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Americans who lost their jobs during the pandemic have a message for businesses that are struggling to rehire amid an improving economy: Fork over hiring bonuses and offer remote work.

According to a survey by the U.S. Chamber of Commerce, 39 percent of unemployed workers who aren’t actively looking for work would be tempted to rejoin the workforce by a $1,000 hiring bonus. About a third (32 percent) would be encouraged by an offer of remote work.

The percentage who say hiring bonuses could attract them back to the job market was highest among unemployed workers aged 25-34 (53 percent) and those with some college education but not a degree (49 percent). On May 17-20, the Chamber polled 506 Americans who lost jobs during the pandemic and had not returned to full-time employment.

Chart showing Americans not seeking work– Remote Report

Source: U.S. Chamber of Commerce for the graphic

“One of several important and immediate steps governors can take in encouraging unemployed, hesitant-to-return Americans to rejoin the workforce is investing federal relief funds in hiring incentive programs like return-to-work bonuses,” Neil Bradley, executive vice president and chief policy officer for the U.S. Chamber of Commerce, said in the report. “Too many businesses and communities across the nation continue to suffer amid the growing worker shortage. We are calling on every governor to take immediate action to help bring more Americans back into the workforce.”

The study found that 10 states — Arizona, Colorado, Connecticut, Kentucky, Maine, Michigan, Montana, New Hampshire, Oklahoma and Virginia — had announced return-to-work-bonus offerings or similar financial incentives for workers to rejoin the labor force.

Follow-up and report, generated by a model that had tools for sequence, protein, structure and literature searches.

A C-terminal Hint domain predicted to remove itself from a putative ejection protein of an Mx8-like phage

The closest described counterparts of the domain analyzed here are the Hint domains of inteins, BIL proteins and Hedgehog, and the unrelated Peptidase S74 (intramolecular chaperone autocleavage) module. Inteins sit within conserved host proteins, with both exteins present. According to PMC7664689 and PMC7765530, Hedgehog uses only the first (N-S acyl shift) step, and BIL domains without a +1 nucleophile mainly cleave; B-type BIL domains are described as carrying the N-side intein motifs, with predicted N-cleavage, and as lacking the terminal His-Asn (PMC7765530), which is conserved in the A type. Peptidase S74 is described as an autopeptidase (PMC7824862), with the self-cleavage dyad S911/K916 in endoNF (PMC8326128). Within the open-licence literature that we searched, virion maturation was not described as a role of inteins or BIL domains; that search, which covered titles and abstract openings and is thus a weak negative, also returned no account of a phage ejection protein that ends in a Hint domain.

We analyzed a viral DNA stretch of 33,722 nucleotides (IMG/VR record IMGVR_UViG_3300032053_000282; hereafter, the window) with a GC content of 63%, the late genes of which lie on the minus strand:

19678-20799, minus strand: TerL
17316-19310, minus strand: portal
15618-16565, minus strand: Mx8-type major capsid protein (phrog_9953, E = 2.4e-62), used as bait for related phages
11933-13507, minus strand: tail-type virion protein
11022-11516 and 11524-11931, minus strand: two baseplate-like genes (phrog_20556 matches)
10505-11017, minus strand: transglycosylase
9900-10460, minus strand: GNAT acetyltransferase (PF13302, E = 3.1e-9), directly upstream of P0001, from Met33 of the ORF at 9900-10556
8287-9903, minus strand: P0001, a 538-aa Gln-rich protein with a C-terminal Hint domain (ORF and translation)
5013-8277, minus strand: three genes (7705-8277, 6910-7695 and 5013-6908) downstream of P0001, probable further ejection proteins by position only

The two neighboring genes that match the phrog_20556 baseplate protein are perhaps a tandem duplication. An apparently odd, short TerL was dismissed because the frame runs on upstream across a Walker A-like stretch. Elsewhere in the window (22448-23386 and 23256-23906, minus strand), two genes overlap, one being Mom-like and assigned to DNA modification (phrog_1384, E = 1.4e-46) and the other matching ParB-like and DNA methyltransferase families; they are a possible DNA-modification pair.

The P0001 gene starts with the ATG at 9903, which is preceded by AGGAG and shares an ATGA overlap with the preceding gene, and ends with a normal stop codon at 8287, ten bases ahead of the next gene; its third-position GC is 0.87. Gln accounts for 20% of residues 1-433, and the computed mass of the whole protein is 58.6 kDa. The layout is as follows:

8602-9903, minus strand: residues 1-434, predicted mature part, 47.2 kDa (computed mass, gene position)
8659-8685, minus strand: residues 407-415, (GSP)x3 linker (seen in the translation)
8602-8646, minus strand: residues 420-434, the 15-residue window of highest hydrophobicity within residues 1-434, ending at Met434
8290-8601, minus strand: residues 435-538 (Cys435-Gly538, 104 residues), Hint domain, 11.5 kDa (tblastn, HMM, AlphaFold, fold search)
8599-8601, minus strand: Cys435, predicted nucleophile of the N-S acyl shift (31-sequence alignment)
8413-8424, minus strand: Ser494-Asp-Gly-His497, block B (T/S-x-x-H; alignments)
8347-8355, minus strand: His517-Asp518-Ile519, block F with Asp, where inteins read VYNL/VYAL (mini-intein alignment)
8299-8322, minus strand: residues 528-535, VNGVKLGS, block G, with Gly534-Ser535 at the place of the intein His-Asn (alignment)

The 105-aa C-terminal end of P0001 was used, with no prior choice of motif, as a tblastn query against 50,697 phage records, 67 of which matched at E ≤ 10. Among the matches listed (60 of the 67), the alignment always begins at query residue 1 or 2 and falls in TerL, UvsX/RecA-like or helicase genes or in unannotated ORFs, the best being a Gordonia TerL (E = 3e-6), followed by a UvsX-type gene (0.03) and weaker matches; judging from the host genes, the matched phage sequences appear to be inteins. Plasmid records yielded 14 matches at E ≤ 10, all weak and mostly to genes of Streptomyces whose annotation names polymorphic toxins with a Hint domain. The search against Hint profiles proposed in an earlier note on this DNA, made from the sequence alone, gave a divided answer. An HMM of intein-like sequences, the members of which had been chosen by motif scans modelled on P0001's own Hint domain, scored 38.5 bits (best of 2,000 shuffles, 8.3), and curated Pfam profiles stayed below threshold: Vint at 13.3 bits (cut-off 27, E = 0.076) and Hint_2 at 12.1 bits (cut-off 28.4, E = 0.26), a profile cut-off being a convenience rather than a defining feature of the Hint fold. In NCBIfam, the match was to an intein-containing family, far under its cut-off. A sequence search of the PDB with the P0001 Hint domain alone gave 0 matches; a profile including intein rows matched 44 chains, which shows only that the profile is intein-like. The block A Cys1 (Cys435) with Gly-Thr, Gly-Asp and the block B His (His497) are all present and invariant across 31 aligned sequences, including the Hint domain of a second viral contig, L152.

Turned off by office return

This survey comes on the heels of a U.S. Chamber analysis of federal employment data that shows a steadily worsening workforce crisis.

According to the Chamber’s Workforce Availability Ratio, there are now half as many available workers for every open job (1.4 available workers/opening) across the country than there have been on average over the past two decades (2.8 is the historical average).

In total, there were more than 9.3 million job openings available at the end of April — a record high.

“America’s great economic resurgence is being held back by an unprecedented workforce shortage — and it’s getting worse,” Bradley said. “We are seeing an increasing number of businesses turning down work and only partially reopening because they can’t find enough workers.”

With many businesses starting to require staff to return to their offices, a growing number of employees, unhappy about ending remote work, are quitting their jobs, compounding the labor-shortage situation.

READ: A ‘turnover tsunami’ is here, with remote work playing a role

A record 4 million people quit their jobs in April, the U.S. Labor Department said. At the same time, a recent survey by professional-services network Ernst & Young Global Limited of more than 16,200 employees worldwide found that more than half would consider leaving their jobs after the pandemic if they weren’t offered enough flexibility regarding where and when they work.

While the hospitality sector is feeling the brunt of the labor shortage, the technology industry has also taken a hit.

In the first quarter of this year, there was a 28 percent increase in tech-job postings compared with a year earlier, and the outlook for job seekers isn’t showing any signs of slowing, according to career website Dice.com.

“The continuous surge in tech-job postings, combined with the low tech unemployment rate, offers a positive growth outlook for technologist hiring and the landscape as a whole for the remainder of 2021,” Art Zeile, CEO of Dice, said in a press release.

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